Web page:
The current 2014/2015 national budget continues to face mounting pressure as authorities try to strike a balance between a shrinking resource envelope and unlimited wants, Nico Asset Managers has said.
The development comes at a time when government’s main cash cow, the Malawi Revenue Authority (MRA) continues to misfire, missing its monthly target for the fourth month running in April 2015.
Parliament in January approved a K22 billion supplementary budget, which brought total spending for the 12 months ending June 30 to K770 billion.
The extra funding is meant to cover an increase in the interest bill and an increase in the Farm Input Subsidy Program (FISP).
In its April 2015 Economic Report released on Wednesday, Nico says the currency swap that government obtained of US$250 million from PTA bank may be used to finance the deficit.
Nico, however, notes that the deal will increase future loan obligations for government depending on the terms of the transaction.
“According to the IMF report government has exceeded the non-concessional external debt maturing in more than one year.
“This is in breach of the Extended Credit Facility, however the IMF granted waivers in light of the lack of donor funding and governments initiatives to overcome the public finance management concerns,” says Nico.
The investment management and advisory firm further says the increase of public sector wages by 45 percent against the budgeted 24 percent may increase the fiscal deficit as expenditure increases.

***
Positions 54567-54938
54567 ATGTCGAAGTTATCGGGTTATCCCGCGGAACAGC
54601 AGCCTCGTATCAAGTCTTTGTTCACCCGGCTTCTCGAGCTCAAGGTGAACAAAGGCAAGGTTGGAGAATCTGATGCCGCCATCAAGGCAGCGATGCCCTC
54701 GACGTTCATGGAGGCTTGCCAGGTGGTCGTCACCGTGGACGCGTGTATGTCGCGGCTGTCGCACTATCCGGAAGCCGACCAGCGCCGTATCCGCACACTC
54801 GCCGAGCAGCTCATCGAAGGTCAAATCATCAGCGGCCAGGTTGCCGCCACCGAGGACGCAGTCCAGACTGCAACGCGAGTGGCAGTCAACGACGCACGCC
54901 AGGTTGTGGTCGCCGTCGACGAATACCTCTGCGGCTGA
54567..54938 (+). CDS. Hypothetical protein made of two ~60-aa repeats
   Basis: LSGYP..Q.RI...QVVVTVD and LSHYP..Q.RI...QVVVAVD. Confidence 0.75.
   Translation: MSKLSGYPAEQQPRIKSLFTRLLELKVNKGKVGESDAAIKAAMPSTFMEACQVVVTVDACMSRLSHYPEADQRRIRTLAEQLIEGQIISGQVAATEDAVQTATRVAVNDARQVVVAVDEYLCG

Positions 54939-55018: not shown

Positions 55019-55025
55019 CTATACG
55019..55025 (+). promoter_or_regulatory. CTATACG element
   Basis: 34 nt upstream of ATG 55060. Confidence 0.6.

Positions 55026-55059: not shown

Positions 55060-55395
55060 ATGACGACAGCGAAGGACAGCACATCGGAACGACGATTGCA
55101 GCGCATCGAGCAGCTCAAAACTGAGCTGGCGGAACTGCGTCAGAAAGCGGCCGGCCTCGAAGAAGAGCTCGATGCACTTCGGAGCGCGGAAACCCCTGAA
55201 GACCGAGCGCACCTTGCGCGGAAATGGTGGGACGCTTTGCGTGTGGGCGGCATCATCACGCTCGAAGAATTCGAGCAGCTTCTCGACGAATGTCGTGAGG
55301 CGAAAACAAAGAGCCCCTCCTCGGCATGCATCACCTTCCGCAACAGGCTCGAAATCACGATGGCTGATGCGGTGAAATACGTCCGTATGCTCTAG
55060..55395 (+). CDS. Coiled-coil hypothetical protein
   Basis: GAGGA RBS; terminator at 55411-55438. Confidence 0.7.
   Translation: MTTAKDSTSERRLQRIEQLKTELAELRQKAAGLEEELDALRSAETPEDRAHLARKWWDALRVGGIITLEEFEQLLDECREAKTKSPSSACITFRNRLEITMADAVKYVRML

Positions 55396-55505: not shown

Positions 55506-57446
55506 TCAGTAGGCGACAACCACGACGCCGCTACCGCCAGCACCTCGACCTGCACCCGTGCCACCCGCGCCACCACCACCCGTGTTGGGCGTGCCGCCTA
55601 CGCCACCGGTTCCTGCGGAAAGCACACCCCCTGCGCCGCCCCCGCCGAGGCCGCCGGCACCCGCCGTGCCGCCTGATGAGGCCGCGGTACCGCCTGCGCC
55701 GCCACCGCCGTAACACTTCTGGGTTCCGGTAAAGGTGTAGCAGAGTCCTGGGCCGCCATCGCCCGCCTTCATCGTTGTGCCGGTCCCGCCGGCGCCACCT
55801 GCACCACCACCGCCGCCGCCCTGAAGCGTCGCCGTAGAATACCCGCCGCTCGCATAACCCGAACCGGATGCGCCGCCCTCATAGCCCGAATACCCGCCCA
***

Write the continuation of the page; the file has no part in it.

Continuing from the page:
The increased expenditure, according to Nico, will need to be financed from increased taxes, increased government borrowing or reduced government spending.
“The government also spent a significant amount of money in relief expenditures as a result of the damage caused by the heavy rains and floods that occurred in January 2015.
“This will add to pressures on the fiscal discipline that is being implemented by the government,” reads the report in part.
Capital Hill recorded a deficit of K78.52 billion in the first half of the 2014/15 fiscal year due to the under collection of domestic revenues and lack of grants from donors.
Finance Minister Goodall Gondwe told Times Television recently that the zero-aid budget performed well in the first half but that it was greatly affected by the January floods that hit most districts in the Southern and Central region.
Gondwe observed that had it not been for the floods, the economy would have been in a much better shape than it is today.
The EIU has forecast the fiscal deficit at 4.3 percent of GDP in the 2014/15 financial year as the tight external finance environment forces the government to keep a lid on spending growth. The deficit is forecast to narrow, gradually reaching 3.1 percent of GDP in 2017/18.
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